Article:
Key Facts

  • Household lending activity is increasing again, with new borrowers likely to face higher mortgage rates for longer.
  • Reserve Bank data indicates that new lending flows from August to October rose by 4% compared to the previous year.
  • The total value of lending, according to CoreLogic’s analysis of the data, is still below the levels observed in 2020 and 2021.
  • Kmormorelvin Davidson, Chief Property Economist, anticipates that mortgage rates will remain high for an extended period.
  • Restricted access to low-deposit home loans ensures borrowers keep up with higher interest rates.
  • Mortgage arrears remained low in October, even as they climbed from 1.25% to nearly 1.3% of mortgage holders.
  • Loan-to-value ratio rules continue to significantly impact the lending landscape, with only a small proportion of investors and homeowners borrowing with lower deposits.
  • While interest rates rise, mortgagee sales are low as borrowers manage higher financing costs.
  • The use of loan-to-value ratio rules for a decade has provided some protection for the housing market.
  • CoreLogic reports only 41 mortgagee sales in the third quarter, a significant decrease from the 700 to 800 during the global financial crisis.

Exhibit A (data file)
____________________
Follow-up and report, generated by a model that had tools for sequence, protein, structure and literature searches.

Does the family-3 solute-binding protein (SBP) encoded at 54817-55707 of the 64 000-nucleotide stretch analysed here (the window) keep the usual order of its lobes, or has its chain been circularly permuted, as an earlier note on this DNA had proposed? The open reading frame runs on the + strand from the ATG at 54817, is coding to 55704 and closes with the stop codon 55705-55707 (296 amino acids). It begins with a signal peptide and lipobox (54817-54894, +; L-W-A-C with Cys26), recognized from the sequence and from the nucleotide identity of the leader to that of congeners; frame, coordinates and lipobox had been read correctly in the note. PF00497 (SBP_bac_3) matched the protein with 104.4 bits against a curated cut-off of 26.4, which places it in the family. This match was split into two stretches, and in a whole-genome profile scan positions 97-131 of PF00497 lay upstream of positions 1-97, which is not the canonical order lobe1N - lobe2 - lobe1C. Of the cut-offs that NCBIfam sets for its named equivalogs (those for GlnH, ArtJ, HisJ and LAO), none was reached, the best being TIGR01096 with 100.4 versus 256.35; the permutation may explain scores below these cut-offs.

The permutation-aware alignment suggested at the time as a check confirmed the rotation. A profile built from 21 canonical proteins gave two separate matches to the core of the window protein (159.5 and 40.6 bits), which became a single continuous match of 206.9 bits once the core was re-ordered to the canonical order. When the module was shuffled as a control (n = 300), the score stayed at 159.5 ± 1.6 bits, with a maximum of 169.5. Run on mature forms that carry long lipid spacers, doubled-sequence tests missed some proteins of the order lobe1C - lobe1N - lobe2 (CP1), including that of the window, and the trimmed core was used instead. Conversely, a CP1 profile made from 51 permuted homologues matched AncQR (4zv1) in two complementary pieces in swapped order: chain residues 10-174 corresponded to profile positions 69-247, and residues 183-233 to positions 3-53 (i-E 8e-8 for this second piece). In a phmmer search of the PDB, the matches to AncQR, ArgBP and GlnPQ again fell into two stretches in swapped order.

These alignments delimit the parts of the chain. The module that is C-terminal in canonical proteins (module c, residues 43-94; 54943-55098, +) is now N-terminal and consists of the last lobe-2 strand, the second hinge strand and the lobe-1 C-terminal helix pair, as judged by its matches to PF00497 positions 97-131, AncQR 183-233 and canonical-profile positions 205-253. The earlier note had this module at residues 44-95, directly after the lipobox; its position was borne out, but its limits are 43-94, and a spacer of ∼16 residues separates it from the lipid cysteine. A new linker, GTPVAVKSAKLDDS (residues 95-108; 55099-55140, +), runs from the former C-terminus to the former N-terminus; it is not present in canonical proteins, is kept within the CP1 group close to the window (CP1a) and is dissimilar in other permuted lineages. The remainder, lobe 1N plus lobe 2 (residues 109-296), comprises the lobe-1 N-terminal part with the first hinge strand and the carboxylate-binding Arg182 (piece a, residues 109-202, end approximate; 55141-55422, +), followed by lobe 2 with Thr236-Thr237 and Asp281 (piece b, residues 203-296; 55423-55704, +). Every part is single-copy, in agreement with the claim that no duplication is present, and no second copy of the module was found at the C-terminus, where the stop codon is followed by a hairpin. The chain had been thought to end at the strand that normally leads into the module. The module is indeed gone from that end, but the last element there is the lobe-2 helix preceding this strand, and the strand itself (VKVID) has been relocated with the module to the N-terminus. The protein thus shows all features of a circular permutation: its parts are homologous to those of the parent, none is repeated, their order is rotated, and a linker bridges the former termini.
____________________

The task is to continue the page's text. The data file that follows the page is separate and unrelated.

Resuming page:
Article Summary

New Zealand’s household lending activity is gearing up, according to the latest Reserve Bank data. However, new borrowers are cautioned to brace for longer-lasting high mortgage rates. The bank’s data reveals a 4% increase in new lending flows between August and October compared to the previous year, following a period of sombreness for 12 to 18 months.

However, property research firm CoreLogic found that the total lending value still falls below the levels seen in 2020 and 2021. Chief Property Economist Kmormorelvin Davidson echoed the sentiment, suggesting that it is reasonable to assume that although mortgage rates may not increase significantly, they’re expected to remain high for a longer period. This high-for-longer environment is largely due to the Reserve Bank’s firm stance on inflation.

Davidson also highlighted the restraining effect of restricted access to low-deposit home loans, which has helped borrowers keep up with higher interest rates, resulting in low mortgage arrears. Loan-to-value ratio rules have had a significant impact, with only a minor portion of investors and owners securing loans with low deposits. Despite the rising interest rates, mortgagee sales remained low, indicating borrowers’ ability to handle higher financing costs.

In his final remarks, Davidson commended the loan-to-value ratio rules, which have insulated the housing market over the decade. CoreLogic’s recent data echoed this sentiment, recording a strikingly low number of mortgagee sales in the third quarter, a drastic reduction from the peak seen during the global financial crisis.

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